Australia looks to join the space age

Australia looks to join the space age

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Australia: The second round of the four-year, AUD 40 million (USD 36 million) Australian Space Research Programme (ASRP), part of a four-year, AUD 46.8 million Australian Space Science Programme, concluded. The programme created a dedicated Space Policy Unit within the Department of Innovation, Industry, Science and Research, to act as the central point of contact for the country’s national and international civil space activities.

The policy will cover civil and defence matters and may address how Australia uses space to tackle climate change, weather forecasting, natural resource management, forestry and agriculture, disaster management, national security, communications, Earth observation and remote sensing, position navigation and timing applications. The policy will also detail Australia’s engagement and participation on the global stage, according to the unit.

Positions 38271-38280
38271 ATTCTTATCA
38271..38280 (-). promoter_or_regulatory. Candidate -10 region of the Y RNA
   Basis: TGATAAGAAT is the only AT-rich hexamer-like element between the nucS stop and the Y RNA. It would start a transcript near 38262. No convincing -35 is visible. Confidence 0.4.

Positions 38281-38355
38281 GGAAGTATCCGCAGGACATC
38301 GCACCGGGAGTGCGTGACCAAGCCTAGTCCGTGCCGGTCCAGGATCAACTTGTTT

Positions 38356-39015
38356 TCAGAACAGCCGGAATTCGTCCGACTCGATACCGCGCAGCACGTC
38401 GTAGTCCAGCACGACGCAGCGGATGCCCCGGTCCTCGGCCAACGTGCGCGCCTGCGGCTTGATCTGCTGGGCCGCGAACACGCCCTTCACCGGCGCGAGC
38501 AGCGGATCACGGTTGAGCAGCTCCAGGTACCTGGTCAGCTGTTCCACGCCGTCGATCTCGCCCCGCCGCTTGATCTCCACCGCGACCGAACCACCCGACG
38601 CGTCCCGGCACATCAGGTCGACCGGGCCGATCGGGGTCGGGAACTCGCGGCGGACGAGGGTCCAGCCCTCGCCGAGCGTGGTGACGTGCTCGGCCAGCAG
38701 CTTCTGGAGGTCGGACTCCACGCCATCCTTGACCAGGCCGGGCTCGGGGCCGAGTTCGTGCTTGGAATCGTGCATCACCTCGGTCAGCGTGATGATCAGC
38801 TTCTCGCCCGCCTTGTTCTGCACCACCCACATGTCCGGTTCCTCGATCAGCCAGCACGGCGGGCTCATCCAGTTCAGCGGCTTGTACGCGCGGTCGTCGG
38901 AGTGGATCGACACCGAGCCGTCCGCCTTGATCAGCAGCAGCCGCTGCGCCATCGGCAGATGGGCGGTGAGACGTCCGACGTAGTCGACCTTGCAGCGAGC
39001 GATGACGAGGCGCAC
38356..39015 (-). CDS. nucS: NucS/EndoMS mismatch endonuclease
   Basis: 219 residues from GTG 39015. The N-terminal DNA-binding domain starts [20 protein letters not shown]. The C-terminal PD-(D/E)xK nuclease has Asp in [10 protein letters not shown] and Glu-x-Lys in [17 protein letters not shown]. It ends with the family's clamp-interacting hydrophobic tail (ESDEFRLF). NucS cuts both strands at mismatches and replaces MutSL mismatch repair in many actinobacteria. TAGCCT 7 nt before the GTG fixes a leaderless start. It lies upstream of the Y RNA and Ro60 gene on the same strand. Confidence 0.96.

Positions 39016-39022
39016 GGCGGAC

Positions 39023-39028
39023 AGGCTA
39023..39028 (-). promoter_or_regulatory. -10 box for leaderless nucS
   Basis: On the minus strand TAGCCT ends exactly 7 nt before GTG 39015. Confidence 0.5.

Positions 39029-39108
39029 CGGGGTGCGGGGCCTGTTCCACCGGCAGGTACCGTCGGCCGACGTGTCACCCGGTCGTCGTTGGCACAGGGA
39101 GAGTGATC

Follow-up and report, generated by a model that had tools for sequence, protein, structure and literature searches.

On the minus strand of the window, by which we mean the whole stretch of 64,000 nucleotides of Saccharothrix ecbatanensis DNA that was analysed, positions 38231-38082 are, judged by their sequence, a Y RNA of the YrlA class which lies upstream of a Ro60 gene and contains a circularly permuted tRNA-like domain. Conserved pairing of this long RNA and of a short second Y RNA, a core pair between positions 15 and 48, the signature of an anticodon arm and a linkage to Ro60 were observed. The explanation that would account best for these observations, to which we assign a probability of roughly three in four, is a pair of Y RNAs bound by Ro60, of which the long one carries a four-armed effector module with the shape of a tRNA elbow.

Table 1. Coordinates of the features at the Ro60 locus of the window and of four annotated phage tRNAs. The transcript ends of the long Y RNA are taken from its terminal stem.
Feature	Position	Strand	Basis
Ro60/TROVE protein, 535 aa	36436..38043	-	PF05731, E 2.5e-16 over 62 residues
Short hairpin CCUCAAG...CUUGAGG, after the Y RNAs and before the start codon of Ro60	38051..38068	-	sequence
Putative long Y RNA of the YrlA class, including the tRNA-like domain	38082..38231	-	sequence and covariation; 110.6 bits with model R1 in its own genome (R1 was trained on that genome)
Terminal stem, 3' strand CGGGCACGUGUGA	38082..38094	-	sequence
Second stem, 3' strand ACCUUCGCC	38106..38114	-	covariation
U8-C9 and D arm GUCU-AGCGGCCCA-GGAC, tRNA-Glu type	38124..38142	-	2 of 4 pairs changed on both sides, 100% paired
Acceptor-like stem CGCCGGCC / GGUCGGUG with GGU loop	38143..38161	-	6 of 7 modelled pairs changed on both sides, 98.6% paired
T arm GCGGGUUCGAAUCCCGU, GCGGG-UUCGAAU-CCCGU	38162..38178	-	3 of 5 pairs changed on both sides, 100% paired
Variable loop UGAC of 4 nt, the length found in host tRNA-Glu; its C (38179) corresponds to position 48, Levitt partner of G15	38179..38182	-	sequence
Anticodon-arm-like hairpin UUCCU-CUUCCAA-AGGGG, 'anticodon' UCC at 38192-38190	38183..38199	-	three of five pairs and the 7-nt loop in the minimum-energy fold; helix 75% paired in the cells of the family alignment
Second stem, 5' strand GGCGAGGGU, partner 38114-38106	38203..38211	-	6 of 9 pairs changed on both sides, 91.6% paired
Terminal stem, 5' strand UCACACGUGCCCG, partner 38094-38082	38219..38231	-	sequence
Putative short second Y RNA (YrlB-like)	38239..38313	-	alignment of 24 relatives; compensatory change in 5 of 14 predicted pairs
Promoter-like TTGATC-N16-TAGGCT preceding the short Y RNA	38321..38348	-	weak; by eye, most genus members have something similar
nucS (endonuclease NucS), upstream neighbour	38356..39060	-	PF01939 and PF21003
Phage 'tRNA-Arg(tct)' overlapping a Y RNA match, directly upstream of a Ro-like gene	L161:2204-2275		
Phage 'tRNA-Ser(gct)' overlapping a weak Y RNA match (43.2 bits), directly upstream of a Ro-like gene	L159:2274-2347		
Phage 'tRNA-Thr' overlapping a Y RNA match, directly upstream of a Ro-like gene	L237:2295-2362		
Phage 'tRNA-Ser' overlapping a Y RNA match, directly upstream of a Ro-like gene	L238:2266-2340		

The unit is also talking to space agencies around the world with a view to increasing international co-operative activities. For example, Australia is currently working with the Japanese Aerospace Exploration Agency (JAXA) to provide re-entry and recovery support for JAXA’s Hayabusa spacecraft, which is due to land in June 2010 at the Woomera Prohibited Area after completion of its mission to return to Earth material from an asteroid.

The Australian Space Science Programme is in turn part of a wider AUD 1.1 billion Super Science development initiative. The government also recently established the Space Industry Innovation Council – comprising representatives from the space science research, industry and government – to provide strategic advice on innovation priorities to government, champion innovation in the space sector and build connections with other organisations.

The renewed focus on space is part of government efforts for the country to secure some of the USD 250 billion annually generated by the global space industry.

The moves were spurred by the 2008 Senate report, which found the Australian space industry to be fragmented, with a lack of clarity in organisation and shortage of cash. That report concluded the greatest space opportunity for Australia is in looking down to use satellites for Earth observation, as well as for communications and navigation.

Source: Flight